Turning from mourning to celebration
“Thanks to you I understand what I received from our country, but more so, what I need to give back,” Hadar Goldin Z”L
Hadar Goldin was killed on Aug. 1, 2014, during one of Operation Protective Edge’s 72-hour ceasefires. Despite the break in hostilities, Hamas terrorists went ahead and ambushed Hadar and two of his soldiers coming out of an attack tunnel. The three were killed on the spot, and the terrorists escaped with Hadar’s body back into the tunnel.
Hadar’s remains are still held captive by Hamas. The quote at the beginning of this piece was part of a letter he had written to his parents from Poland during a March of the Living journey.
Today, Israel and the Jewish world observes Yom Hazikaron, Israel’s national Remembrance Day for Fallen Soldiers and Victims of Terrorism. Ceremonies nationwide honor the 26,661 servicemen and victims of terror who had fallen since 1860, 97 of them since last Yom Hazikaron.
This past year was yet another year full of disappointment and frustration. Sadly we see our dream for peace, or at least some sort of agreement, draw away and sink in the dusty air of lost hopes.
Hannah Bladon, 21, an exchange student at Hebrew University from London is one of the most recent victims. A Palestinian passenger on the light rail in Jerusalem stabbed her to death on Erev Pesach, the eve of Passover. Another hope—lost.
We have so much in common with our Palestinian neighbors, mostly young men and women, and it fuels our disappointment and frustration. When we communicate, we speak a common language, use the same currency, ride the same public transportation, bear children at the same hospitals, sit side by side at same universities and breathe the same air.
We share a love for the same land but we don’t share the same dream. We aspire to a different future. We teach our children to love the other, to reach out to the other and to find paths to peace. To reconcile, to live as neighbors in peace. To live!
This vicious cycle of hatred, violence and demonization is expanding, reaching new countries. It contaminates peaceful cities, not familiar with this kind of fear. It has entered their homes and conquered their calm routine.
Terror has reached North America and deepened its presence in Europe. It’s cry of hate has replaced the sounds celebration and music at festivals and in clubs with screams of horror, a cry of death.
During our bloody history of wars and terror attacks, we lost some of our best. Innocent citizens, committed soldiers, all victims, each with a name, with unfulfilled dreams, desires and a future that will never be.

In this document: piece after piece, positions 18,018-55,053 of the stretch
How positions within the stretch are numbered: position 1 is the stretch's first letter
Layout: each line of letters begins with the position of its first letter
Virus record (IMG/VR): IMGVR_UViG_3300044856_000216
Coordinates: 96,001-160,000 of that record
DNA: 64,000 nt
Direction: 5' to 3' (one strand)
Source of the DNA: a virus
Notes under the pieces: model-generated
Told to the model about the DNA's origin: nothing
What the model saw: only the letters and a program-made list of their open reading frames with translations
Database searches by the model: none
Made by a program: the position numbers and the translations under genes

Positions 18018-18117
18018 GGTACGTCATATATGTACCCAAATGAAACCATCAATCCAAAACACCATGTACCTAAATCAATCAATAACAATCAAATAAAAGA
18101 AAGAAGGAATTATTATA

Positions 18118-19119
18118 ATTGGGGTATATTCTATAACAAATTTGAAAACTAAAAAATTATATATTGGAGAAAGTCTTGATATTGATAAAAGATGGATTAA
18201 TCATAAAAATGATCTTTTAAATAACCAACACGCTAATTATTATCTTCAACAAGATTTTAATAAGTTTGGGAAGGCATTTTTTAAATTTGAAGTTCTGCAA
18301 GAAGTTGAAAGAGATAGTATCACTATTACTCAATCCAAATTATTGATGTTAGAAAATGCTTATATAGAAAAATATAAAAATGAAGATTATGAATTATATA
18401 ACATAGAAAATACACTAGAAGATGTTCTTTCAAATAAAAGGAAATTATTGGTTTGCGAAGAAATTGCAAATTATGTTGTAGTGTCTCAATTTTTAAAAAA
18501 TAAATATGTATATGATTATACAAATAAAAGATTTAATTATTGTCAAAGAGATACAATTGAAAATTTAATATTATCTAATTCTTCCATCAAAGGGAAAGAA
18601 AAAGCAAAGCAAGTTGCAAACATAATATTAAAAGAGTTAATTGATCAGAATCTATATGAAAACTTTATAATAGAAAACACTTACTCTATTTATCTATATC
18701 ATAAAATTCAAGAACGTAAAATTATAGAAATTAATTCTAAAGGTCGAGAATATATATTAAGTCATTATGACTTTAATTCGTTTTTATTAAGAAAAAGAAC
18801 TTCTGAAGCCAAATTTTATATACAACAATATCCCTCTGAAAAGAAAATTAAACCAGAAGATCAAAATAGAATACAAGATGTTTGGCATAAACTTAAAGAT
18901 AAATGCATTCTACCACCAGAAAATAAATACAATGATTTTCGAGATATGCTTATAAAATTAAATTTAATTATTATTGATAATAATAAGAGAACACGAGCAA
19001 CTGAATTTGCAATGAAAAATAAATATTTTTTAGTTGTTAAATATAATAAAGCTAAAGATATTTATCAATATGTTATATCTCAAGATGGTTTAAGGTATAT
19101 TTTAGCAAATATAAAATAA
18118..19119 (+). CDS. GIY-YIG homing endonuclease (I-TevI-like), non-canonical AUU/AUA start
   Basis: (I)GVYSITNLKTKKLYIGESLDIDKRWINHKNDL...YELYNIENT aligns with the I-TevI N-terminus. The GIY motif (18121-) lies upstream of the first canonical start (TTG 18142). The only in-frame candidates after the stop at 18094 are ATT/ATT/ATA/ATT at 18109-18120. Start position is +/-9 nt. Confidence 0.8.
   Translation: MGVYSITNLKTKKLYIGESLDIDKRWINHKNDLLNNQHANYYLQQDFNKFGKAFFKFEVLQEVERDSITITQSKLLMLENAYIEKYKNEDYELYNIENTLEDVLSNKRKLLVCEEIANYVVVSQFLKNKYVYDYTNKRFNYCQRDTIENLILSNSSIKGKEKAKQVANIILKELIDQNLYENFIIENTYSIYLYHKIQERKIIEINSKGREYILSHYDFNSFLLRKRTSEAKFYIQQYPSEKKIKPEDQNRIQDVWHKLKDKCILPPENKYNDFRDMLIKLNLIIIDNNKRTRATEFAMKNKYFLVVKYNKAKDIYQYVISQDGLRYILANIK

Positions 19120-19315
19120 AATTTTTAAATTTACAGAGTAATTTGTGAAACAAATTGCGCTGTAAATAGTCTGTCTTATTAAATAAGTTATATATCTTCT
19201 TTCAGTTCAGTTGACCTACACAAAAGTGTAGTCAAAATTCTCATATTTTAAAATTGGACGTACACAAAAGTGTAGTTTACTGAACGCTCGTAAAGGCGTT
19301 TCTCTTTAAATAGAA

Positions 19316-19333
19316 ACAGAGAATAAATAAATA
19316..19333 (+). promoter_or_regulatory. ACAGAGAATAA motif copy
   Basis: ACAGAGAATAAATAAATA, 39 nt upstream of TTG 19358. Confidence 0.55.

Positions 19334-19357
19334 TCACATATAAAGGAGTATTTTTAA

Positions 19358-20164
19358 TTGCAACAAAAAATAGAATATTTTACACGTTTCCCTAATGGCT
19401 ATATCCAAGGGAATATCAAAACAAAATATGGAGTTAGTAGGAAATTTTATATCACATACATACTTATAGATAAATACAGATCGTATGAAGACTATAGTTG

They have families. Families that are forced to carry on with their lives accompanied by a dark shadow, an everlasting black cloud that hovers nearby, never leaving. One that constantly reminds them, like a phantom pain of what’s missing. Left behind are parents, siblings, spouses and children reeling in pain, fighting one day at a time to get out of bed, to smile, breath, live. And for many, this is asking the impossible.
At 11 a.m. today the entire state of Israel paused in silence for two minutes, as a siren wailed across the country, like a single cry carried in the wind.
Standing silent for two sacred minutes on a bustling street in downtown Jerusalem on this holy day is a moment I cherish. Today my entire Jewish Israeli being is so complete, so in place, hurting with my brothers and sisters, bending my head in gratitude for those who made the ultimate sacrifices, whispering a prayer for peace.
And then, as the sun sets with our tears and sorrow, the most unreasonable yet powerful transition happens: Israel sheds its grief to put on the joy of Yom Ha’atzmaut, celebrating our 69th year of miraculous independence, strength, and existence.
Together we built a powerful magnificent Jewish state and together, united we stand remembering our heroes, sons and daughters who have died in the long battle of protecting our home. And together we shall raise our eyes with great hopes for our beloved Israel to reach peace, a peace that shall embrace us and the rest of the world with its glory.
These sacred two days are our days, the days we cry and rejoice, but it must be something we do together, united, across the Jewish world. These two days, more than anything, symbolizes our everlasting ties and eternal bond.
“When you’ll die,
something of yours, something of yours in me
will die with you, will die with you.
Because all of us, yes all of us
area all one living human tissue
and if one of us
goes from us
something dies in us –
and something, stays with him” / One Human Tissue, Moti Hamer
עושה שלום במרומיו הוא יעשה שלום עלינו ועל כל ישראל ואמרו אמן
May he who makes peace in high places, make peace for us and for all Israel, and let us say, amen.
Leah Garber, Vice President. Director, JCC Israel Center